The teenage parties I was invited to often involved standing against the wall and watching other people dance, while loading up on pop and chips, so as to have something to do with my hands.  One of the neighbors, who lived katty corner to me had a pretty voice and played the guitar.  We all stood around and watched her at one party.   I perfected the walk to the snack table, then going to the bathroom, and then walking back and leaning against the wall.  There was one exception and that was a party that Jody Lisberger, one of a set of twins from Cayuga Heights, held.  Everybody was doing “the jerk” then and I could handle that.  I always liked the group of students I went to school with at Cayuga Heights and that made a difference.

Strangely enough, the Methodist and Presbyterian churches in downtown Ithaca had a lot “going on” during their dances, some of it not too churchly.  Outside of the high school, they gave the best dances in town, although not necessarily for reasons the parents would have approved of.  I was too shy and inhibited to be involved in any of the hanky panky, but it was exciting to be asked to slow dance for the first time.  There were many specific dances that one had to know, and the girls would practice them together in the Presbyterian bathroom.  The Methodist bathrooms were hardly big enough to use the bathrooms successfully.

The dances did return me to the notion that parties could actually be fun, and later in life I gave a number of successful wedding and baby showers.  Still, my awkwardness at parties can still crop up, and I did feel that ol’ feeling  come back the other night.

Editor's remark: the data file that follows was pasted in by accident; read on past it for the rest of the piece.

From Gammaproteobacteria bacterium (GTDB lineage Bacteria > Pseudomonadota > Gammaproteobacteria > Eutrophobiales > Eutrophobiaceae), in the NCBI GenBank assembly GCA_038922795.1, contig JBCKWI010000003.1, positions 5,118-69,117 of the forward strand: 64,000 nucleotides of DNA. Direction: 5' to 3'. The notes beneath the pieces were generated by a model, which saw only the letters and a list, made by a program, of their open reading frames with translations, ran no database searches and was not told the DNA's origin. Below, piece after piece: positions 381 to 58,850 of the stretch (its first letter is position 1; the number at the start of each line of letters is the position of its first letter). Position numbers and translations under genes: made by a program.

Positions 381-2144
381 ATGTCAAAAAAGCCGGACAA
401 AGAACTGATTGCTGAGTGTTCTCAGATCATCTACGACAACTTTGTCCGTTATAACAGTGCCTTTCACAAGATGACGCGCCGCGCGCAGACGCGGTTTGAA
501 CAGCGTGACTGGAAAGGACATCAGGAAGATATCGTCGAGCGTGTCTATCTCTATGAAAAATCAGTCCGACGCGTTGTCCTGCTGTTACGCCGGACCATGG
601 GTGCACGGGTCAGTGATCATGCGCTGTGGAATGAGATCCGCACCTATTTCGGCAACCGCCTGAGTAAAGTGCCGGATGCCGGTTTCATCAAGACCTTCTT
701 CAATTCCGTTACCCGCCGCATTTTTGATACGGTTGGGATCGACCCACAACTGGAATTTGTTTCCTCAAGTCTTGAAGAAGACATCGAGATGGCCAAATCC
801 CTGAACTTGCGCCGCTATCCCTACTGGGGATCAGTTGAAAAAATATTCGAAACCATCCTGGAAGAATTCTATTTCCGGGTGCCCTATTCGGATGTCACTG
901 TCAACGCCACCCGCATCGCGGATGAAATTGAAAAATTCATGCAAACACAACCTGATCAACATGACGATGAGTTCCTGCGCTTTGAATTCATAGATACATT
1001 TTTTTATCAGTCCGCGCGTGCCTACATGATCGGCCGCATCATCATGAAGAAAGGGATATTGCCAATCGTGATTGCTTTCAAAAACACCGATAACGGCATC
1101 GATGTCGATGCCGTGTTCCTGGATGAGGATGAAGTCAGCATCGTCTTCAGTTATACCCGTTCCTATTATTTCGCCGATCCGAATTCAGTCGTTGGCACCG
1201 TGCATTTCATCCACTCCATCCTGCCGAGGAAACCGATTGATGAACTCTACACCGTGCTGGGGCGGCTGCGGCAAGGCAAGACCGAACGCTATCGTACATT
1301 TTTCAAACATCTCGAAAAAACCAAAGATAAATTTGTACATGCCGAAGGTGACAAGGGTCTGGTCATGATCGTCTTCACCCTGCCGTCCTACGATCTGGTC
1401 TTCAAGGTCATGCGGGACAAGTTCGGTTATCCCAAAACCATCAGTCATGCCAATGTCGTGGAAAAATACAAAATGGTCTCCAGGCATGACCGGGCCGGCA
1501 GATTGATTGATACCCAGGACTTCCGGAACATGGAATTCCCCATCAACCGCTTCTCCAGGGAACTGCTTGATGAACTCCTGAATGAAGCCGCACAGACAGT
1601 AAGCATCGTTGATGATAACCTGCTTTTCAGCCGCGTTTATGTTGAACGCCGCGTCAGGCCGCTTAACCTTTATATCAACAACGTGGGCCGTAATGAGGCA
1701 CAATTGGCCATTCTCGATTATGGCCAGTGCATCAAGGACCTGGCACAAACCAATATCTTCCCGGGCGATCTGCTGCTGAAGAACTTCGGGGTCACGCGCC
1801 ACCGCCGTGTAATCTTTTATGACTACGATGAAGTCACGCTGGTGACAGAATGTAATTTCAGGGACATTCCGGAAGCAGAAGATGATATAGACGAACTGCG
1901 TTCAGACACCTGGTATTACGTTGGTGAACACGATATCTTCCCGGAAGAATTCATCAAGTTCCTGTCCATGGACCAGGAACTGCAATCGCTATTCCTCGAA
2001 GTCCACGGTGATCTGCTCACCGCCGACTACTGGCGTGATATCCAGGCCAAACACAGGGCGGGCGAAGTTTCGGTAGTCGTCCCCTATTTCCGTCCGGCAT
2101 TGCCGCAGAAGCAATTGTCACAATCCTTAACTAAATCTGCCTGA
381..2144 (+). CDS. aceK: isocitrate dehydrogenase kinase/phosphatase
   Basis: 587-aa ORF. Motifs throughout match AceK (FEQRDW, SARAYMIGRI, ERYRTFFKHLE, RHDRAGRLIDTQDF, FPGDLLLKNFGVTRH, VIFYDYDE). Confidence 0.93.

7 Responses to “Parties”

  1. Lopa Basu October 17, 2011 at 4:16 am #

    Kathy, Very nicely written. I really liked this trip down memory lane. I identify with your awkwardness at parties.
    Lopa Basu

  2. claireaperez October 17, 2011 at 2:30 pm #

    I think your feelings are universal and it is great you can chat up about something: personally, I hope you can attend my next party and share the Cayuga Lake stories.

  3. Jim LaBonney October 18, 2011 at 8:25 pm #

    Wonderful narrative! I found myself immersed in your prose and perhaps too in your shoes. No party in grammar school ever left fond memories for me. High school dances were so bad for a kid with acne and thick ugly glasses that I think I did no more than attend one or two over these four years of awkwardness. Gee, no one ever asked me to slow dance. I never dared to ask anyone either.

    Even now I look down to see one left one and the other is left as well.

    Thanks for the story. Fabulous!

    Jim LaBonney

  4. Nancy October 19, 2011 at 12:15 am #

    Wonderful writing, and I loved your “party” memories! I look forward to reading more!

  5. Rhonda Eckert Mapes October 21, 2011 at 1:35 pm #

    I really enjoyed this piece sis-in-law and of course I know who you are talking about at my party :). I never see him these days. Loved it, and I want to hear more about your neighbors party. Keep up the wonderful blogging….

Leave a Reply

Fill in your details below or click an icon to log in: Logo

You are commenting using your account. Log Out /  Change )

Google+ photo

You are commenting using your Google+ account. Log Out /  Change )

Twitter picture

You are commenting using your Twitter account. Log Out /  Change )

Facebook photo

You are commenting using your Facebook account. Log Out /  Change )


Connecting to %s

%d bloggers like this: